My Early Journey And Conversion

I can’t remember the time I wasn’t thinking about what happens when I die. At three I broke both bones above my ankle so that my leg was immobilized with a cast from hip to toes. I was pretty active before, but that slowed me down. During that forced immobility I learned to read just before my 4th birthday. Among the first books I picked up was the family Bible, without really knowing what it was – I had never seen anyone else read it; that may have made me curious about it. As one might expect, I really didn’t understand anything.

Later, in school, as part of the curriculum, we went through the well-known stories in the Bible that form the basics of our Judeo-Christian culture an religion. That gave me a new start, and I read more and understood a little more, too. One of the things that I was still wondering about was what happens when I die. Anything I came upon didn’t answer my question, but at least I got a basic understanding of what’s in the Bible.

When I was approaching teen years, I again picked up the Bible as a part of learning about the history of Christianity (again a school subject, but the Bible was not required reading). I got the basic understanding of how the primitive Church worked. That spurred me on to study other religions. Within about three years I read books about Judaism, Islam, Hinduism, Buddhism and then moved on to existential philosophy. Nietzshce in particular appealed to my sophomoric arrogance. Something in my early childhood had created in me a need to be very good at what I was doing, and since I seemed to remember everything I had heard or read, I was a top grade student at school. “Superhuman” seemed like a natural career goal.

At about the same time I had had some contact with representatives of organized religion. To put it mildly, I was disappointed in them. Now I realize that most of them were sincere in their motives, but they just put me off completely. So much so that I declared that I was done with organized religion. I figured that if you can believe in something good, it’s fine with me, but I won’t have anything to do with it.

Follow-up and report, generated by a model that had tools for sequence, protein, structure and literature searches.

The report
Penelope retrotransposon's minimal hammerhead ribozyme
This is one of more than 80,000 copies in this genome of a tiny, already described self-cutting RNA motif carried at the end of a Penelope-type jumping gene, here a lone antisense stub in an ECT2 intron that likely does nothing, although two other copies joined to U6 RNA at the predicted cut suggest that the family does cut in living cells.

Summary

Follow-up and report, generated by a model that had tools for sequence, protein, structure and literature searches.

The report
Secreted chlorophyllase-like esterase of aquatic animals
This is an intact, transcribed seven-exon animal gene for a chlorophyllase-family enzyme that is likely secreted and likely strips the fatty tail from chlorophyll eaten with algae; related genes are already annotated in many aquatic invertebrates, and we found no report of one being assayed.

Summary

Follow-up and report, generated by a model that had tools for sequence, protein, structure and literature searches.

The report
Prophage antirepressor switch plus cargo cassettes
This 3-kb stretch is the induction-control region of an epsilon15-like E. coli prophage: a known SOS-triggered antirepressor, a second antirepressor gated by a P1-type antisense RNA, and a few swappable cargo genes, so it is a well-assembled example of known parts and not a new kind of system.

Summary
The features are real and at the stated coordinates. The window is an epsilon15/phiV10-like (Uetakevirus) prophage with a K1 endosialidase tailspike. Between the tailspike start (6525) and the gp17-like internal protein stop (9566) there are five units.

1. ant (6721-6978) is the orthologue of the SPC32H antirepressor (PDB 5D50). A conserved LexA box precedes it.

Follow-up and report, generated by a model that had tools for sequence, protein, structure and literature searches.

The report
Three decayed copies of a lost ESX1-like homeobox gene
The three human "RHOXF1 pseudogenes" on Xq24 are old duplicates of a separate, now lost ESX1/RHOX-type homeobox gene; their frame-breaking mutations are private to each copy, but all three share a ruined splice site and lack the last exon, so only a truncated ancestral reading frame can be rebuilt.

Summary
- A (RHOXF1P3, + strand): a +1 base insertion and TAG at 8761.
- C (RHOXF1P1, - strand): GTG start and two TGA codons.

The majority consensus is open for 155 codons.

With the same attitude I listened to a couple of people talk to me about their contacts with Mormon missionaries. I figured if they want to approach religion, it’s fine with me, but I won’t have anything to do with it. Some of what I heard sounded good, but I had heard good things before and they had turned out to be false in my eyes. I listened without protesting much, but also without absorbing much.

Then I heard that one of these people had decided to cast her lot with the Mormons. I knew her family was against it, and I decided that I would support her. Consequently, I attended the baptismal service. I knew none of her family would be there, likewise I figured most of her other friends would be too prejudiced to be there, so I decided I would, for moral support. I thought that she had the right to follow her conscience even if I couldn’t understand her decision. While in there, I found myself feeling oddly good, despite my reservations. When the ordinance itself took place, I felt a completely new sensation that I still am at loss to fully describe. If I had been a cartoon character, the artist would have drawn a bright lightbulb lighting up above my head at that moment. In some way that I couldn’t explain to myself I knew that there was real authority in that ordinance.

That happened on a Saturday. The experience stuck with me despite my contrary wishes, and on the following Tuesday I went to meet the missionaries (I knew they were meeting this other person who had told me about them). I asked them to tell me what the Church teaches, along with all sorts of questions. As I was listening to them, it was as if I had been on a long journey away from home and had come to a familiar territory. As if I had finally found the way to assemble the pieces of the puzzle I had been trying to fit together all my life. In just a few days, I experienced a change of heart. A mere two Saturdays later it was my turn to be baptized.

In these almost 30 years since I have learned much about my relationship with God. Now I know enough to say that I have only scratched the surface of what is possible. I also know the limitations that all of us humans have, and my world is less black-and-white. And now I think I know what happens to me when I die and the thought doesn’t scare me anymore.

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Posted in Mormonism, Religion
6 comments on “My Early Journey And Conversion
  1. Eric Nielson says:

    Thank you for sharing this.

  2. Tim Malone says:

    Awesome story. I have been to many convert baptisms over the years and have watched family and friends of the individual being baptized to see how they responded. Some say, “it was nice,” or, “that was good for her,” but rarely do they say, “there was real authority in that ordinance.” I would say that you had both a perceptive and an enlightening experience. “My sheep hear my voice, and I know them, and they follow me.” That is wonderful that your wondering about what happens when you die has been satisfied. I feel the same way. Thanks for sharing.

  3. […] pingback from People of The Book […]

  4. […] as I wrote almost a month ago, I was inclined to think about subjects that we classify as “religious” from a very […]

  5. […] my faith community and my own worthiness. It would be difficult to explain concisely, so read my early posts like this. To be very concise, I have MDD. And MDD is not a joke, no matter how much one tries to call honest […]

  6. bible verses says:

    What a information of un-ambiguity and preserveness of valuable know-how on the topic of unexpected feelings.

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